Inflation making US households uneasy about emergency savings
Goldman Sachs, Bank of America, Deutsche Bank have raised the odds of an economic downturn in 2022 or 2023
As record-high inflation has prompted consumer prices to soar, some U.S. households are feeling uneasy about their emergency savings, according to a new survey.
More than half of the 1,025 adults (58%) surveyed by Bankrate between June 3 and 5, 2022, said they are concerned about the amount they have in emergency savings, up from 48% in 2021 and 44% in 2020. Of those who were uncomfortable with their emergency fund, 75% had no savings or not enough to cover at least three months’ worth of living expenses. Just 43% of those who were very uncomfortable have any savings at all.
As for the 42% of respondents who are very or somewhat comfortable with what they've saved, 82% had at least three months’ worth of expenses saved.
Among households that earned more than $100,000, more than half (59%) were somewhat or very comfortable with their emergency savings, while less than half (46%) of those earning $50,000 to $99,999 reported being comfortable with their emergency funds. Among households that earned less than $50,000 annually, 37% had no emergency savings at all.
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Just 38% of millennials (ages 26-41) were somewhat or very comfortable with their emergency savings, compared to 41% percent of Generation X (ages 42-57) and 49% of baby boomers (ages 58-76).
Only 24% of adults surveyed by Bankrate reported having more money in an emergency fund than they did a year ago. In comparison, 32% said they had the same amount of savings, 34% said they had less savings and 10% said they had no savings then or now.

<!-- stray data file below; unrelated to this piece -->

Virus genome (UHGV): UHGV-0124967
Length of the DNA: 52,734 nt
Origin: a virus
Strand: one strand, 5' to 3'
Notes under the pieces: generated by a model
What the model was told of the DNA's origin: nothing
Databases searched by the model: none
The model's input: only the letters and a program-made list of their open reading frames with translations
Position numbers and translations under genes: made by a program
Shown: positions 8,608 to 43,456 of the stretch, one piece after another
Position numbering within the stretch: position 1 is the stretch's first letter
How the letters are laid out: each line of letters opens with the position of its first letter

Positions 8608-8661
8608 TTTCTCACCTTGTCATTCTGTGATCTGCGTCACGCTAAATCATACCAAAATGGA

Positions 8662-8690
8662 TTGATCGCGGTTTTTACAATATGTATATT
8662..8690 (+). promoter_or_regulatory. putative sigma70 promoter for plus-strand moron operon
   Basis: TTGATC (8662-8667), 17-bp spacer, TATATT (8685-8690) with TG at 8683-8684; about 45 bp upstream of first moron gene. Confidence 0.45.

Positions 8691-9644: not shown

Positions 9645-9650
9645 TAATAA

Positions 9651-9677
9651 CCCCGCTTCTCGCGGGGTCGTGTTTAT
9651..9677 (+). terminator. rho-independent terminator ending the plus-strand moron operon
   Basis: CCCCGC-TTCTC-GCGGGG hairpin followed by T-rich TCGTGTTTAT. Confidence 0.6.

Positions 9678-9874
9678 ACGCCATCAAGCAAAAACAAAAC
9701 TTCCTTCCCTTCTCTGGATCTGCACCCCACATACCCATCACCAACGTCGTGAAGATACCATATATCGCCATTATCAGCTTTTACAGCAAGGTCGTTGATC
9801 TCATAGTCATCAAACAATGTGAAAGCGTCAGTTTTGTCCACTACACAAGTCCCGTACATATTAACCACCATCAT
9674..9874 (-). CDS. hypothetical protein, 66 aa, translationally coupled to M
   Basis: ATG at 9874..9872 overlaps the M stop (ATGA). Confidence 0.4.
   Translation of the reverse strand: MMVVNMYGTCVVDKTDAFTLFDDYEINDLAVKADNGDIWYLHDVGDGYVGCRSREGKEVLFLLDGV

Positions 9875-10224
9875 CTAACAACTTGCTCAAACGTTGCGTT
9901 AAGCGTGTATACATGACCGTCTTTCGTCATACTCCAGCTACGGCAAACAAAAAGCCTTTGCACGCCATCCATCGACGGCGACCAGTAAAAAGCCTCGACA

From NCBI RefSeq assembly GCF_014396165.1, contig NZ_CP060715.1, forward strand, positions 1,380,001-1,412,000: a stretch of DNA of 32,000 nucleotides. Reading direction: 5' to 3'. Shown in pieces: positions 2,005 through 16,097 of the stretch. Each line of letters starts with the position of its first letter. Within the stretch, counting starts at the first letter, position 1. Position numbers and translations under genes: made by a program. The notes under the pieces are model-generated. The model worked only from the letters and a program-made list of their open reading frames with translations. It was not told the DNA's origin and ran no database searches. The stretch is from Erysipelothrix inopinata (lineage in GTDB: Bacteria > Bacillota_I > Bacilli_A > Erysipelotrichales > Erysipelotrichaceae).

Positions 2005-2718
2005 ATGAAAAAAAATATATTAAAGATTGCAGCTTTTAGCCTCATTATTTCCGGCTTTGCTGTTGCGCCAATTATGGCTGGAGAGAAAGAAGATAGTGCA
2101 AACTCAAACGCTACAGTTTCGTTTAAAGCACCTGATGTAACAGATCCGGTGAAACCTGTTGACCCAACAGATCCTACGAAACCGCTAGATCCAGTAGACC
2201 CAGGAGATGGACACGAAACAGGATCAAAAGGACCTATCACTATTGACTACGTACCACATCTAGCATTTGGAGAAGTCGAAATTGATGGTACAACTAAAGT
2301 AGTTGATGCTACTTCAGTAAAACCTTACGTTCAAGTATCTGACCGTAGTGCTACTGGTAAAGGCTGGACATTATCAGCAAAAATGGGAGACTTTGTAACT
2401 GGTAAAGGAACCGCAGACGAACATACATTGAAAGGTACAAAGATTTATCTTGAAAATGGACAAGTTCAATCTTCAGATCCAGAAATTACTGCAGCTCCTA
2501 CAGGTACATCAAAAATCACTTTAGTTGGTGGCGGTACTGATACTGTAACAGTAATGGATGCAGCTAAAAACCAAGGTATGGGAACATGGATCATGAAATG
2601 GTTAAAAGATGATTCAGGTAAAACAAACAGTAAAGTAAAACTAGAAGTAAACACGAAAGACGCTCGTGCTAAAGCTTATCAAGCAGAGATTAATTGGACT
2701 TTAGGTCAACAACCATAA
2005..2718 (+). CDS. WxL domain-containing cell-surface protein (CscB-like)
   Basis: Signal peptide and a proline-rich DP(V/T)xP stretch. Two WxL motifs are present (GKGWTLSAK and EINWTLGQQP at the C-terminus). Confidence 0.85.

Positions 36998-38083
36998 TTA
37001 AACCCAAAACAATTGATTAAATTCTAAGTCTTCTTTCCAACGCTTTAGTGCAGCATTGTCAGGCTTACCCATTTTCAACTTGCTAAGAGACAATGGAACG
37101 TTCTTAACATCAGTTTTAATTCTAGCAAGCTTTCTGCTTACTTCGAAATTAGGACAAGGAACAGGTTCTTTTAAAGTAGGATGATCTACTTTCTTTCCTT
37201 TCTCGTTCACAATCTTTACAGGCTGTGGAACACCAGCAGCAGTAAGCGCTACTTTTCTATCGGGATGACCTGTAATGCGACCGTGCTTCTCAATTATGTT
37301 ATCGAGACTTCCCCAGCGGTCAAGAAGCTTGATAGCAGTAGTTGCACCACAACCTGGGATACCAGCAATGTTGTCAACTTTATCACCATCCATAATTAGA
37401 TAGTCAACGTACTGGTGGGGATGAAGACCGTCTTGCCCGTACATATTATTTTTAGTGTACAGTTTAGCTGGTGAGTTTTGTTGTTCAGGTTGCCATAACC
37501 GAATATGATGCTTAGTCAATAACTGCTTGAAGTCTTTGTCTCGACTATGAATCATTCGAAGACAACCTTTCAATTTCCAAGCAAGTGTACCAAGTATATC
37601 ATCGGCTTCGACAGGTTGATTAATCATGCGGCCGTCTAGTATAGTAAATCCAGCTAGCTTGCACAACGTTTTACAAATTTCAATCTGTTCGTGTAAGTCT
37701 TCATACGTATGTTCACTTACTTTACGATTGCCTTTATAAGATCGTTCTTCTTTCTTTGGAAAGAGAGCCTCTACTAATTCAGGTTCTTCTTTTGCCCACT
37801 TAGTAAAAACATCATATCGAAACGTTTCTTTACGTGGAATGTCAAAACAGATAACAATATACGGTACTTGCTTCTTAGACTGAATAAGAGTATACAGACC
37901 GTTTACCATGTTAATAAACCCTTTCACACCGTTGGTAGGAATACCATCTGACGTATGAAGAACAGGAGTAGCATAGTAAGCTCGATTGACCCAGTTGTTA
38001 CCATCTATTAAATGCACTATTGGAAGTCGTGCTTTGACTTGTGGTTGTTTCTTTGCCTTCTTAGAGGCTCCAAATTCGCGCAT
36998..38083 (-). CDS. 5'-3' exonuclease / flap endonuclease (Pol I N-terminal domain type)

Slightly over a quarter (27%) of households surveyed had enough savings to cover at least six months of expenses — up from 25% each of the past two years. Meanwhile, 22% of households surveyed had enough saved to cover three to five months’ worth of expenses — the highest percentage since 2011. A total of 28% of households had some savings, but not enough to cover three months of expenses.
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In May, the consumer price index – a broad measure of the price for everyday goods, including gasoline, groceries and rents – rose 8.6% from a year ago.
Last week, the Federal Reserve raised its benchmark interest rate by 75 basis points for the first time in nearly three decades. The move puts the key benchmark federal funds rate at a range between 1.50% to 1.75%, the highest since the pandemic began two years ago.
Officials also laid out an aggressive path of rate increases for the remainder of the year. New economic projections released after the Fed's two-day meeting showed policymakers expect interest rates to hit 3.4% by the end of 2022, which would be the highest level since 2008.
Fed Chairman Jerome Powell told reporters at a press conference following the meeting that another increase of 75 basis points or 50 basis points is on the table for its July meeting.
Though the Fed is aiming to orchestrate a soft landing – the sweet spot between taming consumer demand and inflation without crushing economic growth – Powell told the Senate Banking Committee during testimony on Wednesday that it will be "very challenging."
Goldman Sachs, Bank of America and Deutsche Bank have all raised the odds of a downturn in 2022 or 2023, and Powell has conceded there's a real possibility of a recession. More than 60% of executives expect a recession in the next 12 to 18 months, according to a survey of CEOs and other C-suite executives conducted by the Conference Board, a business research firm.
FOX Business' Megan Henney contributed to this report